Passive House construction necessarily includes more insulation than conventional buildings, high-quality windows, and careful air-sealing, all of which can easily drive up costs. To stay within strict budget guidelines, Bayside developers looked for ways to trim unnecessary building elements — and that started with parking. Arguing that area residents owned fewer vehicles than average, developers successfully petitioned the city to overlook parking-space requirements that normally would have applied. (The building sits on what was a parking lot).

The site is over a layer of marine clay, which is inherently weak. Designers worked to keep the building as light as possible, allowing it to rest on a floating concrete slab without the need to sink pilings for extra support.

Project architect Jesse Thompson ledLight-emitting diode. Illumination technology that produces light by running electrical current through a semiconductor diode. LED lamps are much longer lasting and much more energy efficient than incandescent lamps; unlike fluorescent lamps, LED lamps do not contain mercury and can be readily dimmed. a tour of the partially complete building in June, the last such tour on this year's passivhausMAINE schedule.

Interior finishes are simple: painted drywall, vinylCommon term for polyvinyl chloride (PVC). In chemistry, vinyl refers to a carbon-and-hydrogen group (H2C=CH–) that attaches to another functional group, such as chlorine (vinyl chloride) or acetate (vinyl acetate). flooring, basic kitchen cabinets. Designers shrank interior hallways to bare minimums, and revisited building details repeatedly to look for potential savings.

"The building got simpler and simpler as we went along," Thompson said.

While he and others working on Bayside might have preferred a few more upscale finishes inside, it just wasn't going to happen with a minimal budget that had been set three years earlier. If kitchens got bargain cabinets with drawers that were stapled together, so be it. "Every dollar in there shows up very quickly," Thompson said. "There's no tolerance for glamorous here."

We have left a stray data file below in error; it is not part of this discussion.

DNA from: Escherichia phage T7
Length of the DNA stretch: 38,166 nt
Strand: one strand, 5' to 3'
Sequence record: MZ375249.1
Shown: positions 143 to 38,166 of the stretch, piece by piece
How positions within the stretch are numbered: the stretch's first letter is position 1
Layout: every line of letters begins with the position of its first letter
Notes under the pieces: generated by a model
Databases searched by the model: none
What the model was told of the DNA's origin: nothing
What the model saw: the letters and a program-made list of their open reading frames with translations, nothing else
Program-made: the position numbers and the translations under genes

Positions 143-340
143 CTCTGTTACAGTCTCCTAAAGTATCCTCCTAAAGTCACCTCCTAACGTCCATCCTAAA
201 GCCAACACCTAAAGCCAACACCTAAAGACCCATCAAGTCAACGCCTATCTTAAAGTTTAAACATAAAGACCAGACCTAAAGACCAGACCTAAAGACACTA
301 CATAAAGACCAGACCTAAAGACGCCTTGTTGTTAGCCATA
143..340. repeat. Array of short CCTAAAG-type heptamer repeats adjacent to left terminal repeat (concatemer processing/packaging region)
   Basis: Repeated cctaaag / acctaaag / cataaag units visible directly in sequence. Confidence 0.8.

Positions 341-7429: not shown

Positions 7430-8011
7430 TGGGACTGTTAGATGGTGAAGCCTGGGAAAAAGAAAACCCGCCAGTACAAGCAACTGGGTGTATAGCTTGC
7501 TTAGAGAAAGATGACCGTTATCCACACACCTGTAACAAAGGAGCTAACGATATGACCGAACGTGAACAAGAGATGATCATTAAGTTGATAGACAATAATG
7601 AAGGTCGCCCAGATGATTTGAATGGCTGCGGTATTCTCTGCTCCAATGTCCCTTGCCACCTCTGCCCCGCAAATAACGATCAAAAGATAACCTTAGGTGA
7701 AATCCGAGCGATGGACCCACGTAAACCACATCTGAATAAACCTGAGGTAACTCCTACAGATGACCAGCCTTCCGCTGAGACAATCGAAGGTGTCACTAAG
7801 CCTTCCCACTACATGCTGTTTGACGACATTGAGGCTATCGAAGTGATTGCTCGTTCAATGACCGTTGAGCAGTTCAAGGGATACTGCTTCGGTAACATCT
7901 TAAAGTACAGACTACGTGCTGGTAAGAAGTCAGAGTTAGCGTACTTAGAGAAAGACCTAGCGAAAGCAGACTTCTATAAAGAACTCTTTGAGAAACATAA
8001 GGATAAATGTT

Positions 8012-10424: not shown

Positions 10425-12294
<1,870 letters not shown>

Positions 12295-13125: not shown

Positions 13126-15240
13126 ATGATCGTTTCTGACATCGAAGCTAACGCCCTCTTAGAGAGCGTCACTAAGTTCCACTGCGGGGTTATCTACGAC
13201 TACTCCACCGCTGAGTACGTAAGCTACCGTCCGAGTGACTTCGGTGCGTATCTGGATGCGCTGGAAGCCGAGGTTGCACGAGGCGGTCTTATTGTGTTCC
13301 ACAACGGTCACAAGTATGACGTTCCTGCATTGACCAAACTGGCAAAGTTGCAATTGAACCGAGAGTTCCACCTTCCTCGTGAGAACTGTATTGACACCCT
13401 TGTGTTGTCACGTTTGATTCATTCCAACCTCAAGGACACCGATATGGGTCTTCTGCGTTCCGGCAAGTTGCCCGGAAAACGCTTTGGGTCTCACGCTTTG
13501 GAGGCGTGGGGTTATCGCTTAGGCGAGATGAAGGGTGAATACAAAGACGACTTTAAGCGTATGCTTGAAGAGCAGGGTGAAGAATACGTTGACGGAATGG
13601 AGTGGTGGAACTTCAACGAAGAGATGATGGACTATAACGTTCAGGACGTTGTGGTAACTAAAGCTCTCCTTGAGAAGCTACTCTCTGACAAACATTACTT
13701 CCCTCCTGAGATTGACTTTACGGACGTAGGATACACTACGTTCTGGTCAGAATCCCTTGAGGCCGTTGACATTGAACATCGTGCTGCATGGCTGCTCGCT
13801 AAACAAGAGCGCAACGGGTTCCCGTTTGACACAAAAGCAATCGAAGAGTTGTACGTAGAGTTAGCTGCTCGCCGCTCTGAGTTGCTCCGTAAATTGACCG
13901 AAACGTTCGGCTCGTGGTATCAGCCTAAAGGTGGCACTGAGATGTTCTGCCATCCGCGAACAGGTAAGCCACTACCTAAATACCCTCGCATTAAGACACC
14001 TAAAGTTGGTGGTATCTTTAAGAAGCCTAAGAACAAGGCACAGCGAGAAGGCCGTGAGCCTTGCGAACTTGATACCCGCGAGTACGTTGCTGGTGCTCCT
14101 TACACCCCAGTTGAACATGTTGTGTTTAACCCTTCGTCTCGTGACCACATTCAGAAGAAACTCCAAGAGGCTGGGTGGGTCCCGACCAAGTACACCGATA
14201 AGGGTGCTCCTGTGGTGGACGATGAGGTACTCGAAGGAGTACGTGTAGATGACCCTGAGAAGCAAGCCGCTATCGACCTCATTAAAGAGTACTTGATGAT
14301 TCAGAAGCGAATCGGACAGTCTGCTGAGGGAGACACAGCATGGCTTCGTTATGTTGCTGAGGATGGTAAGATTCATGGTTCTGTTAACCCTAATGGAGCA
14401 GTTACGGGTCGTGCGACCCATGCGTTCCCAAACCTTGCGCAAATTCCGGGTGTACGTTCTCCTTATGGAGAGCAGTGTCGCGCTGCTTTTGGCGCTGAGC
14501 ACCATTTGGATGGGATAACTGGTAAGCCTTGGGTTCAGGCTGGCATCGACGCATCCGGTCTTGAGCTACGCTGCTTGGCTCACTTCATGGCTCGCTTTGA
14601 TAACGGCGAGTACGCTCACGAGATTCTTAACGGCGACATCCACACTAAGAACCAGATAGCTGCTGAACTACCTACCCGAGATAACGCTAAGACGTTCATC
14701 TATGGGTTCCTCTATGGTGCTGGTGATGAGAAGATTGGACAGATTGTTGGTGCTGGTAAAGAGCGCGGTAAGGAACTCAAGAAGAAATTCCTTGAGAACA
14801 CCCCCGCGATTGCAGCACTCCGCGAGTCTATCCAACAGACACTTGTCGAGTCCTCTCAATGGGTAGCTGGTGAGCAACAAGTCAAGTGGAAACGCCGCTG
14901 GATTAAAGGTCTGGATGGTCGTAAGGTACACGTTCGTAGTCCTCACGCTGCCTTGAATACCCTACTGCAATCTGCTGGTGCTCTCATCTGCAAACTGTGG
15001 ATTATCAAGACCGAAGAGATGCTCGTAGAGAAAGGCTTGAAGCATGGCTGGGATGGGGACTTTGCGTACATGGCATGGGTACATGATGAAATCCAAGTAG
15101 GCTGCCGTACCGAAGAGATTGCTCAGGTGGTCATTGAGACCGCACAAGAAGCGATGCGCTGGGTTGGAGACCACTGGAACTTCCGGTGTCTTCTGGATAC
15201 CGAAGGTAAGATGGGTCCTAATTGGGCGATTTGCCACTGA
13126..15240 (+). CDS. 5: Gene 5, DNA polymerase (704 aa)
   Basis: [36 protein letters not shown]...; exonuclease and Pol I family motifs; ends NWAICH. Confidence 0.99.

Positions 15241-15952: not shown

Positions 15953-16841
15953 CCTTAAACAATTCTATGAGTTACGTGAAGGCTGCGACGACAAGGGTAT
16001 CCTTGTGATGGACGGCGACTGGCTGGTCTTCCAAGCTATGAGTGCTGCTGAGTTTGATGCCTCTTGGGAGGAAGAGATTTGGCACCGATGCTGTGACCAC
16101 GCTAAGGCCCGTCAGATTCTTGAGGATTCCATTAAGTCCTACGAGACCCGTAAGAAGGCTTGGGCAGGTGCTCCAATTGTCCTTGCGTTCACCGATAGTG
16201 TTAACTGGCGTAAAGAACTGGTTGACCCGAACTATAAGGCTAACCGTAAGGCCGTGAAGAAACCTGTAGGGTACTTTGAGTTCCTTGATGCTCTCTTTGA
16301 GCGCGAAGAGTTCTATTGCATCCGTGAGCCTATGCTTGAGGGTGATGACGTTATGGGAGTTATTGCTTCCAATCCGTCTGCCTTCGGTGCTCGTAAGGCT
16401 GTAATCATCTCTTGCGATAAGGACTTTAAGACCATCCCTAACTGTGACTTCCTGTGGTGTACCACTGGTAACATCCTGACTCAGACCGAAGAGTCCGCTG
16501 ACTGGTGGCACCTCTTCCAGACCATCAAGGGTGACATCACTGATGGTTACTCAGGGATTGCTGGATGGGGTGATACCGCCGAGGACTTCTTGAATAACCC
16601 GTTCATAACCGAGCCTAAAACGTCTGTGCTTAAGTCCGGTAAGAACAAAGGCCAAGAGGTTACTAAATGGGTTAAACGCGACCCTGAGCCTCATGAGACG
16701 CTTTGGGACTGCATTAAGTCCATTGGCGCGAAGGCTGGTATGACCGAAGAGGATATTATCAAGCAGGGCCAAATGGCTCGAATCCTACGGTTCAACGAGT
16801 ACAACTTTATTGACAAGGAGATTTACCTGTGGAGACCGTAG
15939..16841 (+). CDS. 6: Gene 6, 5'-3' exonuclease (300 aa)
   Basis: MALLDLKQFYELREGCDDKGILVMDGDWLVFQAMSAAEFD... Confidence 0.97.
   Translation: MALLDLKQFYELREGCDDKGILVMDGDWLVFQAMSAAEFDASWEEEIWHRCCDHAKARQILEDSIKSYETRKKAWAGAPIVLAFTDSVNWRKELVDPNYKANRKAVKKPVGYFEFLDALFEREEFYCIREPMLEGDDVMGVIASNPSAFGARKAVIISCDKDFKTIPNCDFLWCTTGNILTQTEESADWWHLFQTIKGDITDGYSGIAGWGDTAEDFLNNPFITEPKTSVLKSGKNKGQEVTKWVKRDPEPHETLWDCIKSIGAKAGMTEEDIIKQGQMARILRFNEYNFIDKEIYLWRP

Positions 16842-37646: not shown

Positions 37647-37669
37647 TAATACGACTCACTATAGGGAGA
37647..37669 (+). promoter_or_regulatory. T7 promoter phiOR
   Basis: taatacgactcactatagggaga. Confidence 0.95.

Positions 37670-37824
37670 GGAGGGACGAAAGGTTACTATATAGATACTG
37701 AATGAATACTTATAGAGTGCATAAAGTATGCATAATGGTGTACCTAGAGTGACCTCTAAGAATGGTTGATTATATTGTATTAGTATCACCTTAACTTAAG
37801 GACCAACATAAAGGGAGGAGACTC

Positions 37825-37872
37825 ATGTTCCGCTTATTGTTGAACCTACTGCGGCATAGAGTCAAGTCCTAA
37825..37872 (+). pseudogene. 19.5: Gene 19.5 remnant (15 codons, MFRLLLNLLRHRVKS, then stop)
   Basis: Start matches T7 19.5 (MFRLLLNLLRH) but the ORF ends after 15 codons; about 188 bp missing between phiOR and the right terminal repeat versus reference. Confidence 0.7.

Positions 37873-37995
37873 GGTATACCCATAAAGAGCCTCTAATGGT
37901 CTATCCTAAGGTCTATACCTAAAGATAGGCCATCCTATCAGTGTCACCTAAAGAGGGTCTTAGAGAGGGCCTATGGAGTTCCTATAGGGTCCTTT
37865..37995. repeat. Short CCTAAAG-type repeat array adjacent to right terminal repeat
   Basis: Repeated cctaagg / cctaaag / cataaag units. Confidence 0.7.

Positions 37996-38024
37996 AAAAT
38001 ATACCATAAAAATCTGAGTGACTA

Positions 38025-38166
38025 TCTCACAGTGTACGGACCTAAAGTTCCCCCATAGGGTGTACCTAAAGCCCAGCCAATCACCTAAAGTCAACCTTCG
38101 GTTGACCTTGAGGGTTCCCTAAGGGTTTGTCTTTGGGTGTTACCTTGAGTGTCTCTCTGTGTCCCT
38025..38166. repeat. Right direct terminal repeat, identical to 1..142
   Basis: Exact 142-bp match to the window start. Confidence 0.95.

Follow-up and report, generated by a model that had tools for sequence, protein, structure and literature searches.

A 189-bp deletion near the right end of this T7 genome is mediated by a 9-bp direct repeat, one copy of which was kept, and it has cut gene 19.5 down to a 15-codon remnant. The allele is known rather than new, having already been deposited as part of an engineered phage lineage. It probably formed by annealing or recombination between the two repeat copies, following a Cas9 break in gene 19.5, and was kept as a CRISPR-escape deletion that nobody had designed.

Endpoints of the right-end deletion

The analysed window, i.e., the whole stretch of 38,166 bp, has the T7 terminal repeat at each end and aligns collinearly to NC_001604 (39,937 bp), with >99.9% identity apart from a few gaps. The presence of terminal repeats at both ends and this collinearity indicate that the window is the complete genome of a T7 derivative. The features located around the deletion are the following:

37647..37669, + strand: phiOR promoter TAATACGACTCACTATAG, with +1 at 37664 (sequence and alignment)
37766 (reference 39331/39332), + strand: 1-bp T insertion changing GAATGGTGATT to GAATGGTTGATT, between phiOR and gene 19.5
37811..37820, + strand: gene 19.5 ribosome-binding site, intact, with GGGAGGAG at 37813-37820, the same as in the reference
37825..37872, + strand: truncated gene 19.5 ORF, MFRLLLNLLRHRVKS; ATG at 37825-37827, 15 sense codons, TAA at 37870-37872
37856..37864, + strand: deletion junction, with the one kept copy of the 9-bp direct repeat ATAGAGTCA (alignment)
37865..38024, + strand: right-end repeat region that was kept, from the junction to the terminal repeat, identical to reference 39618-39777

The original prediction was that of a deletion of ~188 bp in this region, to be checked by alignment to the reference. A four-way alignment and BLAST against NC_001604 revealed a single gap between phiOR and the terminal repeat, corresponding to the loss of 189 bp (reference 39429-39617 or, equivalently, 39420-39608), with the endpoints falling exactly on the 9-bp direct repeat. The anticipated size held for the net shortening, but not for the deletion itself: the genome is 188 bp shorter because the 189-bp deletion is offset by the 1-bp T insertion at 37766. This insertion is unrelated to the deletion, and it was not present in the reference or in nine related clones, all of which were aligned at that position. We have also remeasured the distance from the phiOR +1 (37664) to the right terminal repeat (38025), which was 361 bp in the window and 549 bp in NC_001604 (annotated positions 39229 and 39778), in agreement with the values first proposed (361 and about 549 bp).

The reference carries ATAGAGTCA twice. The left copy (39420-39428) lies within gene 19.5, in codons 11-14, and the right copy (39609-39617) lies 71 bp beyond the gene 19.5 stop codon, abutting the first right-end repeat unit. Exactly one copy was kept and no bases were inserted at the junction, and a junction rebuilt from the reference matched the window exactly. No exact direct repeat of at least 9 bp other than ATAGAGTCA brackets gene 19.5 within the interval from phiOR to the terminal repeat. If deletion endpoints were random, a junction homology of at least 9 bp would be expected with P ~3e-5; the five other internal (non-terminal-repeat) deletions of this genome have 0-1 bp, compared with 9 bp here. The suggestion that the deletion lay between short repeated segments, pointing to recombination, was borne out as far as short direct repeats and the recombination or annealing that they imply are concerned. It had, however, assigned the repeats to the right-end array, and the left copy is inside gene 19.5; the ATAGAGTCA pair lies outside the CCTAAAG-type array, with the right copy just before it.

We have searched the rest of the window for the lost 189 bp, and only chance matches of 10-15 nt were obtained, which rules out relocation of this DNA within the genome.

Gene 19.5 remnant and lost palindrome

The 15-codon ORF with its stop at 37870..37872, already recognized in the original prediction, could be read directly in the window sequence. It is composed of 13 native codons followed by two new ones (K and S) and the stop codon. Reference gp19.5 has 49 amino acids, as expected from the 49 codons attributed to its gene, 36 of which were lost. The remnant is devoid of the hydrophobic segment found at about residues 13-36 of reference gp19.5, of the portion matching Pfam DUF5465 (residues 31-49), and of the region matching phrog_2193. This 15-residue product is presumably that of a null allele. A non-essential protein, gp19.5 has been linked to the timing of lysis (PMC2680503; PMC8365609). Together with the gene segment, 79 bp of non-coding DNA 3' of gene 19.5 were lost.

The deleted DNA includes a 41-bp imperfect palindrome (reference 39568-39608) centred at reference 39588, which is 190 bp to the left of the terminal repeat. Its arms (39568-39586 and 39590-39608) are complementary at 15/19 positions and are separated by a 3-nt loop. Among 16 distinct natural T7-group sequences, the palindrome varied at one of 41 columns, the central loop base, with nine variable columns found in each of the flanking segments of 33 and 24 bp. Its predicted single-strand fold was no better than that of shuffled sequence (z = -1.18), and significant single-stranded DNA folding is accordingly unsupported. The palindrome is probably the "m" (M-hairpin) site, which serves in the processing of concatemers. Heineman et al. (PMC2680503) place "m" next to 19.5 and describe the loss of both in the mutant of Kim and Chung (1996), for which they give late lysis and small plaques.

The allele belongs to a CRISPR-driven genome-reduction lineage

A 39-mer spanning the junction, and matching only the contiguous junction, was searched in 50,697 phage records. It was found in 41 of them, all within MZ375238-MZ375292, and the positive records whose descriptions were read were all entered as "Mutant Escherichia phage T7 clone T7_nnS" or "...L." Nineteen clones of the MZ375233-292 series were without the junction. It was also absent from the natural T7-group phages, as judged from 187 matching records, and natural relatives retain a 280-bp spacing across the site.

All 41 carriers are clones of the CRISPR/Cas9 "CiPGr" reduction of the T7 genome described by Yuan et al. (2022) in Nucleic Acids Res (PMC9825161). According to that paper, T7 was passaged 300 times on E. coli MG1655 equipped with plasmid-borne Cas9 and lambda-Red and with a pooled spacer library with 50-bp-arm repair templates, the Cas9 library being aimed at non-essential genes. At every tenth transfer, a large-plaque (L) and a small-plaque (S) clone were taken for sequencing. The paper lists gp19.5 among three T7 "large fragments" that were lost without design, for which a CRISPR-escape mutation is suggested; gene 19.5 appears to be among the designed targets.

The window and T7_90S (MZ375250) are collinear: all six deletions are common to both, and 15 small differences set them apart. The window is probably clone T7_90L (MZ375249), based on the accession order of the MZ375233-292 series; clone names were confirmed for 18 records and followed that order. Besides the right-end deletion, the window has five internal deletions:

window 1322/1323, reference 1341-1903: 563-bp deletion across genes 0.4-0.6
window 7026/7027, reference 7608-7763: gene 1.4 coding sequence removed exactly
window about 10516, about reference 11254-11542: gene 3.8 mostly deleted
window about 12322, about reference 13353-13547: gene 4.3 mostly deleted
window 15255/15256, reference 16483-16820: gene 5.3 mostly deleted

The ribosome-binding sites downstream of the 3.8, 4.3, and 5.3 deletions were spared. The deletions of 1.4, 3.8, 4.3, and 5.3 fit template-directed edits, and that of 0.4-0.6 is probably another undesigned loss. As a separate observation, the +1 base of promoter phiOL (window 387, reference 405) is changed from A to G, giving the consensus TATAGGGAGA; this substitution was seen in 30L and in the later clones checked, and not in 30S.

Designers did, however, manage to find enough money to keep vinyl siding off the building's exterior. Instead, it will get fiber-cement claddingMaterials used on the roof and walls to enclose a house, providing protection against weather. over a ventilated rainscreenConstruction detail appropriate for all but the driest climates to prevent moisture entry and to extend the life of siding and sheathing materials; most commonly produced by installing thin strapping to hold the siding away from the sheathing by a quarter-inch to three-quarters of an inch. gap.

On the construction side, Wright-Ryan recognized that the longer builders were on site, the higher construction costs would be. Its construction managers, drawing on their experience at the Brewer Passive House project, looked for ways to speed up the process. They divided the building into sections, each with its own set of deadlines, to improve efficiency. Exterior walls are panelized rather than built on site. Even small steps helped: So workers would not have to sort through stacks of drywall to find the right thickness for a particular application, Wright-Ryan simply specified 5/8-inch wallboard throughout the building.

If developers hit the November 21 completion date for the 38,500-square-foot building, it will mean a construction schedule of about 10 months. Many single-family homes, Thompson pointed out, take longer than that.

Double-stud walls, and nix the OSB